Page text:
…life on the synaptic firing range

Location: Los Angeles, United States

Bent but unbroken Southern California native seeks understanding, companionship, and resonance along and off the beaten path. Teresa plays well with others and makes every effort to perform to her potential. Usually. *processed in a facility that processes nuts and nut products

Wednesday, January 25, 2006


I can't get enough of "Intervention," a reality program on A&E about addiction and recovery now in its second season. Here's the setup: We're introduced to one or two individuals addicted to anything from heroin to video games (really, video games, one of the most harrowing segments I've seen on the show; the guy reminded me of Tom Hanks' character in the made-for-TV movie "Mazes and Monsters," stumbling through the hedgerows in his robe at the end of the film, his link to reality severed, perhaps irrevocably). Viewers follow the addicts' lives for a week or so, getting a voyeuristic taste of what their world has become in the service of the monkey. While the subjects have willingly signed on for a documentary about addiction, what we know and they don't is that their friends and family members are conspiring to stage an intervention. We meet these folks in parallel fashion, so as the subjects tell their tales, their loved ones muse over how they were star athletes, good students, beautiful, happy, talented girls and boys until…

In the final third of the hour-long show each subject is lured to an intervention, which they greet with emotions ranging from passive resignation to angry denial. Enter the show's unassuming and very unglamorous intervention facilitators, Jeff Van Vonderan, who calls to mind a junior high principal, and Candy Finnegan, who to me seems a bit more like a therapist than Jeff does, probably owing to her no-nonsense haircut and implacable demeanor—not that Jeff seems any more excitable than she. They've each clearly grown comfortable with the idea that their subjects may hate them, though the addicts generally reserve their most white-hot burning hate for one or both of their parents. The show becomes especially riveting here: Will the subject accept treatment—the immediate commencement of which is contingent only upon a nod or a sigh as the producers of the show have already arranged flights and airport transportation and family members have taken the liberty of prepacking the addicts' bags—or will they blow this taco stand to go score some smack from a guy named "Rat"? Most accept treatment, and most of them in turn complete their programs to become productive, happy members of society, brought back into the family fold, returned custody of their child, or dog. We see "after" video of them at the end, accompanied by upbeat music, and they talk briefly about their lives post-recovery. The ones who don't make it, who quit the program, who relapse, they get postscript text on a screen. The text is nonjudgmental, but the bleak nature of their future echoes in the void of strummy music. At them we shake our heads, thinking that of course we would have taken Jeff or Candy up on their offer of deluxe accommodations in a secular Taos retreat. We would go toward the light. Those of us who have never endured rehab may even romanticize it a bit, bypassing the horrors of withdrawal and going straight for the fellowship, imagining how nice it might be to take a few months off work to hang out with friends, enjoy trust-building activities, learn therapeutic crafts, and be regarded as a hero in the end, the prodigal son or daughter returned.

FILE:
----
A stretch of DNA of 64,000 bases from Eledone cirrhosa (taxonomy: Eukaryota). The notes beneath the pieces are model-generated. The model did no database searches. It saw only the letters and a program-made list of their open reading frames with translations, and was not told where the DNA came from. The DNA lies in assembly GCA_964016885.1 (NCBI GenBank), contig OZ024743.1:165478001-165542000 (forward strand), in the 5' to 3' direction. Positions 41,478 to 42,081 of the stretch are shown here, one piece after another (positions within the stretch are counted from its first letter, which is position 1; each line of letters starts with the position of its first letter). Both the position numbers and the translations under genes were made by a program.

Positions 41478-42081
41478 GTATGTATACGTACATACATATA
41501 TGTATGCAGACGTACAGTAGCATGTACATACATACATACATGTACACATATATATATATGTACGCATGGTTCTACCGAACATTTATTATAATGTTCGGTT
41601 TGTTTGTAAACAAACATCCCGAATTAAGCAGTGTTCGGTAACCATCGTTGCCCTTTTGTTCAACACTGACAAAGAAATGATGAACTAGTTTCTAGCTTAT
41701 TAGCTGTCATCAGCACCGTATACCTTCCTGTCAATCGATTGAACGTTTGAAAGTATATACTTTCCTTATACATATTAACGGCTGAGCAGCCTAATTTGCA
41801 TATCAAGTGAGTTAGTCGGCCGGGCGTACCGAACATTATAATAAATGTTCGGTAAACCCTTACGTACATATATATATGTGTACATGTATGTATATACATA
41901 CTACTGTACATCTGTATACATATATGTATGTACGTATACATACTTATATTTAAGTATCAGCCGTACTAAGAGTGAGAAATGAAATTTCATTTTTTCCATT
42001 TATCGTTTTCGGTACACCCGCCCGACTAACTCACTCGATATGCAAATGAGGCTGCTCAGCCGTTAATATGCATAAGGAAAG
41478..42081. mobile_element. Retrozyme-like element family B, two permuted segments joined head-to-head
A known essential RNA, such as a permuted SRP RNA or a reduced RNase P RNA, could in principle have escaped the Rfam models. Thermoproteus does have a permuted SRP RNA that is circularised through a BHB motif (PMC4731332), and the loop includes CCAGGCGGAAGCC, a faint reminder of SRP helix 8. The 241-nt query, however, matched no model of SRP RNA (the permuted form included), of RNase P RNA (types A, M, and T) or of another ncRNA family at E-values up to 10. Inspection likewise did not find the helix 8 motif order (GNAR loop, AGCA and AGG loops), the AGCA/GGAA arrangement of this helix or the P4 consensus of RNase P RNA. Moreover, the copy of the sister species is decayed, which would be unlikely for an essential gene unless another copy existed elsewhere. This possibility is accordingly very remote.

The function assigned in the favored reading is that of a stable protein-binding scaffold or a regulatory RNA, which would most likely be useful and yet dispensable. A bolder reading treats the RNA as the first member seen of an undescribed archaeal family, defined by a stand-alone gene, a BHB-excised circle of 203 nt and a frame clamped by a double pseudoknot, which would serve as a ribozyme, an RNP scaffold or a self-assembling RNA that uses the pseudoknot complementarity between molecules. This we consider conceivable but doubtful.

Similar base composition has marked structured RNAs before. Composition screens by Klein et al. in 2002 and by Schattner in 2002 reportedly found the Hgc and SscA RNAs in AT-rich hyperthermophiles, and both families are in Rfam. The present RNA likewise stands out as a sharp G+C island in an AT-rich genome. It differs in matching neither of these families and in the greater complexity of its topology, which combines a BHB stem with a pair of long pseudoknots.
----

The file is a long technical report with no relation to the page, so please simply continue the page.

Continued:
That's what I really romanticize: the return. To think that a coalition of the willing could love me enough to save me from myself, no matter what kind of hell I've put them through. Oh, to have run with the devil, only to return safely home where all is forgiven and the future can be nothing but brighter for the journey. I've never raced the devil. I've never put my family through hell. When her phone rings at 3 a.m., my mother never wonders whether it's the hospital or the morgue calling about her youngest child. So I suppose I identify not with the addicts of "Intervention" but with the brothers and sisters who have tried all their lives to do everything right, to see their efforts rewarded only with the passive ambivalence of parents too busy wringing hands over the wayward child. That, and a peripheral role in a television show starring same.


Blogger sporksforall said...

Being the total wimp I am, Intervention is too hard for me. Surround me on a cloud with rainbows and carebears.

7:29 PM  
Blogger bptabby said...

just wanted you to know I am a closet Intervention watcher and wanted to know why it wasn't on tonight

9:23 PM  
Blogger scout said...

I know! Ack. Is it wrong to be addicted to a show about addiction?

9:23 AM  
Blogger Slangred said...


11:11 PM  

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